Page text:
Monterey Bay Aquarium Research Institute
Laser Raman Spectroscopy
AGU 2004 Fall Meeting Abstract - Hydrate Ridge

In Situ Raman analyses of natural gas and gas hydrates at Hydrate, Ridge, Oregon

Edward T Peltzer III1, Sheri N White1, Rachel, M. Dunk1, Peter G Brewer1, Alana D. Sherman1, Kristen Schmidt1, Keith C. Hester2, and E. Dendy Sloan2

1MBARI, 7700 Sandholdt Rd., Moss Landing, CA 95039

2Colorado School of Mines, Golden, CO 08401

      During a July 2004 cruise to Hydrate Ridge, Oregon, MBARI‚Äôs sea-going laser Raman spectrometer was used to obtain in situ Raman spectra of natural gas hydrates and natural gas venting from the seafloor. This was the first in situ analysis of gas hydrates on the seafloor. The hydrate spectra were compared to laboratory analyses performed at the Center for Hydrate Research, Colorado School of Mines. The natural gas spectra were compared to MBARI gas chromatography (GC) analyses of gas samples collected at the same site.

      DORISS (Deep Ocean Raman In Situ Spectrometer) is a laboratory model laser Raman spectrometer from Kaiser Optical Systems, Inc modified at MBARI for deployment in the deep ocean. It has been successfully deployed to depths as great as 3600 m. Different sampling optics provide flexibility in adapting the instrument to a particular target of interest. An immersion optic was used to analyze natural gas venting from the seafloor at South Hydrate Ridge (~780 m depth). An open-bottomed cube was placed over the vent to collect the gas.The immersion optic penetrated the side of the cube as did a small heater used to dissociate any hydrate formed during sample collection. To analyze solid hydrates at both South and North Hydrate Ridge (~590 m depth), chunks of hydrate were excavated from the seafloor and collected in a glass cylinder with a mesh top. A stand-off optic was used to analyze the hydrate inside the cylinder. Due to the partial opacity of the hydrate and the small focal volume of the sampling optic, a precision underwater positioner (PUP) was used to focus the laser spot onto the hydrate. PUP is a stand-alone system with three degrees-of-freedom, capable of moving the DORISS probe head with a precision of 0.1 mm.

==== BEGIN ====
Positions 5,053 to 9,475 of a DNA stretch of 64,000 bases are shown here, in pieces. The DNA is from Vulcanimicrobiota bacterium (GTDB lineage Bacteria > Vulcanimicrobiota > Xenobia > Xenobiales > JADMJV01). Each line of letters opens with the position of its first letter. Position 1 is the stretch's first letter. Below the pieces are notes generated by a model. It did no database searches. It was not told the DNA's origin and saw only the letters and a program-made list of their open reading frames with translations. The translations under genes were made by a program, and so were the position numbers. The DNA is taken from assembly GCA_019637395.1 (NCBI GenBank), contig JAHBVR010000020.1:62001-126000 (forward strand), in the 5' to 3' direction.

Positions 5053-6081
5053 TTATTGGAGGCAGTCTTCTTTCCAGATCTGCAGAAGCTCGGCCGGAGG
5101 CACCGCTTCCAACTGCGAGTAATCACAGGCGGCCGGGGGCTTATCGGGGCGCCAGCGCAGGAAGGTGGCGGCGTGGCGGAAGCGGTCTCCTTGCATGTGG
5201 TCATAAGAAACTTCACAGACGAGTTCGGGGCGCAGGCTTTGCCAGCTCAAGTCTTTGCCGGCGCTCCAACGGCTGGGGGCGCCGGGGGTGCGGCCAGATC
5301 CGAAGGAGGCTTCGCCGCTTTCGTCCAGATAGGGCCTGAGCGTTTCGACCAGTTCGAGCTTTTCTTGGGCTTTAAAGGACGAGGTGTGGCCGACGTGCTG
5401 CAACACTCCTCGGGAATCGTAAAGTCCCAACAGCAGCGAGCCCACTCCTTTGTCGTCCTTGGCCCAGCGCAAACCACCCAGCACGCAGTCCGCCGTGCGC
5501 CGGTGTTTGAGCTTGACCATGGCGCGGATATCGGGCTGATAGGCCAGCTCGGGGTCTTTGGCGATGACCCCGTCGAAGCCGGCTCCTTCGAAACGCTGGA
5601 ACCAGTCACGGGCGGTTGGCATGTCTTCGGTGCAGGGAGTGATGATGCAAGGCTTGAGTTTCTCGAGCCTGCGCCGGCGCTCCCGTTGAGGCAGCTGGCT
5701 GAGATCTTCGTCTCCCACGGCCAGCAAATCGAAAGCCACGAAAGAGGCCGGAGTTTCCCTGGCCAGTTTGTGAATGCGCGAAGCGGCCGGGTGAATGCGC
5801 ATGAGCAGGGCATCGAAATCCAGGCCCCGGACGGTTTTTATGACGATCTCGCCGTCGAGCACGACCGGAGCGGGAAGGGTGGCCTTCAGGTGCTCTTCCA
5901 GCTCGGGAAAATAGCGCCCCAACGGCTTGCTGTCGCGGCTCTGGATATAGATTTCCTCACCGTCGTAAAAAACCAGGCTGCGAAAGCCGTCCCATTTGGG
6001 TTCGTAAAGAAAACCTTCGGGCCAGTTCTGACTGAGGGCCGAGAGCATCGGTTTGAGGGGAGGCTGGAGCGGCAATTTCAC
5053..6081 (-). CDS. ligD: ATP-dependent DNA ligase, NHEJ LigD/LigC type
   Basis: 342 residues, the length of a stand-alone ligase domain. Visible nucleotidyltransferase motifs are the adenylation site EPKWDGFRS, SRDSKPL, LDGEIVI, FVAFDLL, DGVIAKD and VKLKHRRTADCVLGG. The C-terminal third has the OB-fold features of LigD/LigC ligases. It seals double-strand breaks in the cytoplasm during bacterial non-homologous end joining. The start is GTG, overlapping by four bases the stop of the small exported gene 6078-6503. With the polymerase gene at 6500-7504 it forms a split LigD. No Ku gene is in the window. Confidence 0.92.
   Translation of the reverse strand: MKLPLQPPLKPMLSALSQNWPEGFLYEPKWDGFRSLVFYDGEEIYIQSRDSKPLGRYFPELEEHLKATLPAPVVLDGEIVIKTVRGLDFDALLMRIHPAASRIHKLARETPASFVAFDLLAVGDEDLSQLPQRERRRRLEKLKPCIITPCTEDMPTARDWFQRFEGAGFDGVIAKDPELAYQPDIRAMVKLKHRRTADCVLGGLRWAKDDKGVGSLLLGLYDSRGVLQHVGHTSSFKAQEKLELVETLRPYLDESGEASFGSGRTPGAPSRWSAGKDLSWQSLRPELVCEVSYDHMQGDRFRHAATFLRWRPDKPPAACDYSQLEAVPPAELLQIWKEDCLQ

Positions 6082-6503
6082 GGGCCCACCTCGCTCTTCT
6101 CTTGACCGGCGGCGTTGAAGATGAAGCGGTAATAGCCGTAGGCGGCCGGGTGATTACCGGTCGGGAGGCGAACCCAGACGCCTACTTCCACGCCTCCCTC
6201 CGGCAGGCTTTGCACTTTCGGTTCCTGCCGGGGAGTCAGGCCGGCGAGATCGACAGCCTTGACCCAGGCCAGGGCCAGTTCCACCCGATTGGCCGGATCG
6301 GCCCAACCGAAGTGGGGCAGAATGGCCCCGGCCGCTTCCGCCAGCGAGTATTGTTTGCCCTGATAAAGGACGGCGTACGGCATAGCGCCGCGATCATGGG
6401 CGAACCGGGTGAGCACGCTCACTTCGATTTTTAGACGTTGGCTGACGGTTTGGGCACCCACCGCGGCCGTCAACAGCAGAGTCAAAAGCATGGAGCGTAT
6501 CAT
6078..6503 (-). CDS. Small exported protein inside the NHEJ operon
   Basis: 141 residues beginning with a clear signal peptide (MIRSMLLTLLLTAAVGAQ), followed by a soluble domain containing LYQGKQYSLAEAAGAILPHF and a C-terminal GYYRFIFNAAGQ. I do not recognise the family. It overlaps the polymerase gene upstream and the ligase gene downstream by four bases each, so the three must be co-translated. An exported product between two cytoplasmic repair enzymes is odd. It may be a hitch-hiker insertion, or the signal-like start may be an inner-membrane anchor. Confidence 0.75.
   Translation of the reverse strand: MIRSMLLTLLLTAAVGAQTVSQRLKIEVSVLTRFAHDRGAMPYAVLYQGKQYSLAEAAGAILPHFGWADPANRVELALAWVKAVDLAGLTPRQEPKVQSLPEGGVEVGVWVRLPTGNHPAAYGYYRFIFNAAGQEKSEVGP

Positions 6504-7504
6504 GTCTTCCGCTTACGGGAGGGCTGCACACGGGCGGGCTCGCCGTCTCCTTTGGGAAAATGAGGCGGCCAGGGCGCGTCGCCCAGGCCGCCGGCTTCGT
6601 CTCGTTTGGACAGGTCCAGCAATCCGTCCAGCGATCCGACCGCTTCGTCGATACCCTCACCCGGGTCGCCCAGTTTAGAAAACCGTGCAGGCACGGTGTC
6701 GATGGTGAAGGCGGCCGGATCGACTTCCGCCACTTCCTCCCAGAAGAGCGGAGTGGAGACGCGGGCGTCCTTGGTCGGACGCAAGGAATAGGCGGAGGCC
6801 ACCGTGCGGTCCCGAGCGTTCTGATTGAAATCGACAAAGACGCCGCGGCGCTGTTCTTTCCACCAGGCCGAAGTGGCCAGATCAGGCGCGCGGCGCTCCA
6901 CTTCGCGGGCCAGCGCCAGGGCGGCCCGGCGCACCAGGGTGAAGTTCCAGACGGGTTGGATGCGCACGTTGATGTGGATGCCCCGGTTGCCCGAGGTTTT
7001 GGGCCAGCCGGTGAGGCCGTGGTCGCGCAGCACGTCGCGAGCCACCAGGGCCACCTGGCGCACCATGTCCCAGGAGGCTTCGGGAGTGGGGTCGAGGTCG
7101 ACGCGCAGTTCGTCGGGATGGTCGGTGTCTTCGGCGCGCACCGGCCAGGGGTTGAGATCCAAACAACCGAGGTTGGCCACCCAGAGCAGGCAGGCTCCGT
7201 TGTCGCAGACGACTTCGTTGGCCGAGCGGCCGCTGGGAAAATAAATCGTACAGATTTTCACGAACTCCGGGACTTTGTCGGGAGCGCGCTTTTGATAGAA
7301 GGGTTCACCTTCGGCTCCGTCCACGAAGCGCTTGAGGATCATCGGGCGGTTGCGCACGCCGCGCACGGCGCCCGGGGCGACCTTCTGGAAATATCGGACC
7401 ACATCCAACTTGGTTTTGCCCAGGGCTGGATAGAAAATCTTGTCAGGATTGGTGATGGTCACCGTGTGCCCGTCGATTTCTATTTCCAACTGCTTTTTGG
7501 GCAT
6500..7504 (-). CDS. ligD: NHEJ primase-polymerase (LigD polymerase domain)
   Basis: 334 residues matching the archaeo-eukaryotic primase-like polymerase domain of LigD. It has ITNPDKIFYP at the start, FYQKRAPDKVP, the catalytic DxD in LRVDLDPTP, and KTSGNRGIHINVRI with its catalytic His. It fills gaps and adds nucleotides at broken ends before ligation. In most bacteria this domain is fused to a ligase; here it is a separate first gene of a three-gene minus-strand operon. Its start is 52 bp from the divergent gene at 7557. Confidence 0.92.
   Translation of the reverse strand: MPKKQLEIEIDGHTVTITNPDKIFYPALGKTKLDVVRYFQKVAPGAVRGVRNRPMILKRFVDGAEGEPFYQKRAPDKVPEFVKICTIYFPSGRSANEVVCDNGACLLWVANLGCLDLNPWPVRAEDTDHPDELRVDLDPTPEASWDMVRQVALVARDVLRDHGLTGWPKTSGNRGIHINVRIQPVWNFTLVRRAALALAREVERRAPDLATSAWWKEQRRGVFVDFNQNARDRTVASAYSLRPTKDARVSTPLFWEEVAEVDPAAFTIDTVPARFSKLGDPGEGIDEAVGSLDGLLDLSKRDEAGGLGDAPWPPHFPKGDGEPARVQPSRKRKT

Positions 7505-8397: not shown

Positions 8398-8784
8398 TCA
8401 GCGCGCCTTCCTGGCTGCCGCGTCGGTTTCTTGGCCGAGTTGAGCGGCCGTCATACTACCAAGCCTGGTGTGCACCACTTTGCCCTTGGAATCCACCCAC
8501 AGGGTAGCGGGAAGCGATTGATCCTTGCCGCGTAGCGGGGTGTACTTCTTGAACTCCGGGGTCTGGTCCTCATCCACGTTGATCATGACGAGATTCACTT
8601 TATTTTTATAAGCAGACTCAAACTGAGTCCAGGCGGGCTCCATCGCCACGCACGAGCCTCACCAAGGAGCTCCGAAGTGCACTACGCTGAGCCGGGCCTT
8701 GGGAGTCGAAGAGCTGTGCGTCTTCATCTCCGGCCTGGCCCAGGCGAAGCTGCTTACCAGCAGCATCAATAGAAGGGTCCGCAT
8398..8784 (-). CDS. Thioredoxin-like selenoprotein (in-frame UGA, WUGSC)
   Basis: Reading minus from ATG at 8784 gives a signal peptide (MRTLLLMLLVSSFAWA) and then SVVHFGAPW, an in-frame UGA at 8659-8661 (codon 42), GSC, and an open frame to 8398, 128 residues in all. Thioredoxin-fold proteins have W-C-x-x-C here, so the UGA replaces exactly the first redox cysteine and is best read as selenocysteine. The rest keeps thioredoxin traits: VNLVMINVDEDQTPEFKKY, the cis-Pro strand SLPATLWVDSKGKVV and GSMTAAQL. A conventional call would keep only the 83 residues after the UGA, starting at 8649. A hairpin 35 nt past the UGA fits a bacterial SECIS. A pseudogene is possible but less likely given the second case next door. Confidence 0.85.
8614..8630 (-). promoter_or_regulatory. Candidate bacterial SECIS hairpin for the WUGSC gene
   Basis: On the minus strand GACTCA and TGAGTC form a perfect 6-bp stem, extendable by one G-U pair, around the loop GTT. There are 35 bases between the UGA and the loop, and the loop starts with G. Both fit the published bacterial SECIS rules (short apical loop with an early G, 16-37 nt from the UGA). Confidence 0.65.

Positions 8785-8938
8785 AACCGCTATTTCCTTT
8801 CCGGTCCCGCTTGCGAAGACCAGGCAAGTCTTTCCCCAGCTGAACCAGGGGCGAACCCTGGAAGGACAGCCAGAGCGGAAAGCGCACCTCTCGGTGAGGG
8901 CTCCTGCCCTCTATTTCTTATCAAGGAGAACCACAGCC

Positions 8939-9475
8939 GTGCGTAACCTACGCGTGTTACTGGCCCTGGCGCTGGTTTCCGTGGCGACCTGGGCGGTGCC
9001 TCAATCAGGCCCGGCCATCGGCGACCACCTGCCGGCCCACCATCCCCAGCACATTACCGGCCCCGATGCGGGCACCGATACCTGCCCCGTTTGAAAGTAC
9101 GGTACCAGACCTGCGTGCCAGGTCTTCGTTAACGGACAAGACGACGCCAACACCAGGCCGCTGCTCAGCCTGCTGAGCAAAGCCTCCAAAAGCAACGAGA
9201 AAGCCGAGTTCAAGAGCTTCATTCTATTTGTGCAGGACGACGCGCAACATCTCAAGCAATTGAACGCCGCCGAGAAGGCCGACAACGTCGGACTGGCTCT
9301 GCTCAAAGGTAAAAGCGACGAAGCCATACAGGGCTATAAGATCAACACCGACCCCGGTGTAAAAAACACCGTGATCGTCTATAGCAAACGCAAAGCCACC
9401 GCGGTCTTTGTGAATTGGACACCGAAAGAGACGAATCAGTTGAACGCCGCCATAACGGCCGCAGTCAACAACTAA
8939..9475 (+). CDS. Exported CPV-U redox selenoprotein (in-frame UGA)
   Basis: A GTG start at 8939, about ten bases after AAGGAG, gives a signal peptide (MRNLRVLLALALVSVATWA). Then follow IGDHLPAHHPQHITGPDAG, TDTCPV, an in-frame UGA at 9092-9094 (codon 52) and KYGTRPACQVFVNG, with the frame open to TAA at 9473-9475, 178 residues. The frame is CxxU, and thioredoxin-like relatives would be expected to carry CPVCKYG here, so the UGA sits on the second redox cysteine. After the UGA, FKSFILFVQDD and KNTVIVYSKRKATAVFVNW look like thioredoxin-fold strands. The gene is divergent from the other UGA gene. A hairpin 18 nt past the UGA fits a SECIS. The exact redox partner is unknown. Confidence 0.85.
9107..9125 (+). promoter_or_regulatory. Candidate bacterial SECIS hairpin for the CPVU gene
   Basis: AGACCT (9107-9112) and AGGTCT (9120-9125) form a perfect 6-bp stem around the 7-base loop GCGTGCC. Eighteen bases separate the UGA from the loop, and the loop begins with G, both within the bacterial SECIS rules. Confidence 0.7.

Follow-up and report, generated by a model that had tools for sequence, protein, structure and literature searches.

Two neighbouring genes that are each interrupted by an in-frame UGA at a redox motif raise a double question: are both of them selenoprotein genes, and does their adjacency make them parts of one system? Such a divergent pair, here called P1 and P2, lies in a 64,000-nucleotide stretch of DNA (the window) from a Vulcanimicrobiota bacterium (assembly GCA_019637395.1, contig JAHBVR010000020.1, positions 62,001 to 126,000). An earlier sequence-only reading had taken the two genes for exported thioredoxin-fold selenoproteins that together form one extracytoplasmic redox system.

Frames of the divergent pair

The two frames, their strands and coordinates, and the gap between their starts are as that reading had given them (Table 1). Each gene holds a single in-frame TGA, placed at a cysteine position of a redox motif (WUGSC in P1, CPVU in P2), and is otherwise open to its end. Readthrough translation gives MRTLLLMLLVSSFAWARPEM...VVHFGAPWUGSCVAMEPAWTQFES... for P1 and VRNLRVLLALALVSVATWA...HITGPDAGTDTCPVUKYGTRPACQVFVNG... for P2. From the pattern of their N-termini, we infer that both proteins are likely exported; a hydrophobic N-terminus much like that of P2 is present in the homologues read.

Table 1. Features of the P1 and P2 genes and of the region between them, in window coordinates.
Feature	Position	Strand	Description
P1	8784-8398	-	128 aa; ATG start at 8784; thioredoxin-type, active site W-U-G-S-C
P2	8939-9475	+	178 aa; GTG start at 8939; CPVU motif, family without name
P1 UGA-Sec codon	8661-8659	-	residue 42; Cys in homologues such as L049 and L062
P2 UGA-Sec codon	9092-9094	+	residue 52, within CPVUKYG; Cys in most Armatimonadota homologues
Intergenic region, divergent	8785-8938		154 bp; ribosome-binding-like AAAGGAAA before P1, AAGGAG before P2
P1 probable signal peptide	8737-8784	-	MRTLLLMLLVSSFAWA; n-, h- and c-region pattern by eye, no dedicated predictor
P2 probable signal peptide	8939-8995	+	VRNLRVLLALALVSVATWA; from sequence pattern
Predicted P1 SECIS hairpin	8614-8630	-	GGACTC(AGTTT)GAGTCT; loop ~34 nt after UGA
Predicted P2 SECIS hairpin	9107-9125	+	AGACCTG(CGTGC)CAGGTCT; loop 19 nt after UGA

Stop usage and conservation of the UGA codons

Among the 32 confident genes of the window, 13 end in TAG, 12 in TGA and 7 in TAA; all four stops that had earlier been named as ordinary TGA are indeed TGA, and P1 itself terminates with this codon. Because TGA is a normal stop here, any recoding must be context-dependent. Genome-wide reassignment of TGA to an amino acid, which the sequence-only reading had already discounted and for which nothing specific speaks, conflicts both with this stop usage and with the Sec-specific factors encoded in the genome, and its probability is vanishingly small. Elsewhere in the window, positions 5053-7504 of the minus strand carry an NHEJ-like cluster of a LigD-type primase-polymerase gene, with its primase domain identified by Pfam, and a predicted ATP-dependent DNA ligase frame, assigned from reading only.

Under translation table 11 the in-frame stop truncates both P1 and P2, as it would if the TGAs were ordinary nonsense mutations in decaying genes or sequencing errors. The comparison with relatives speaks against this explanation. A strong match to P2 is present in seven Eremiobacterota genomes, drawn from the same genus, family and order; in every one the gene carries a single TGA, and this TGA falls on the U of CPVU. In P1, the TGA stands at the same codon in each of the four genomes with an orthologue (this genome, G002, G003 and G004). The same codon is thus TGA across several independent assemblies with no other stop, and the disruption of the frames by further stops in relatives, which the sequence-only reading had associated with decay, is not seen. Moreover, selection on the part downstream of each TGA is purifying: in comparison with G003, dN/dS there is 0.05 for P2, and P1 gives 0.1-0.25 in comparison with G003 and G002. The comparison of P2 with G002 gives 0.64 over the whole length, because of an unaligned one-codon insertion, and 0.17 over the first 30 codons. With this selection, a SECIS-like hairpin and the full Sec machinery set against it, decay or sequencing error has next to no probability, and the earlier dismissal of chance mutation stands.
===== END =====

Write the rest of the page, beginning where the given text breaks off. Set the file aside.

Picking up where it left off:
In situ Raman analyses of the gas indicate that it is primarily methane. This is verified by GC analyses of samples collected from the same site. Other minor constituents (such as CO2 and higher hydrocarbons) are present but may be in concentrations too low to be detected by the current DORISS instrument. In situ analyses of the hydrates show them to be structure I hydrates with methane as the primary guest molecule; the data compare well to laboratory data.

 

Last updated: Feb. 05, 2009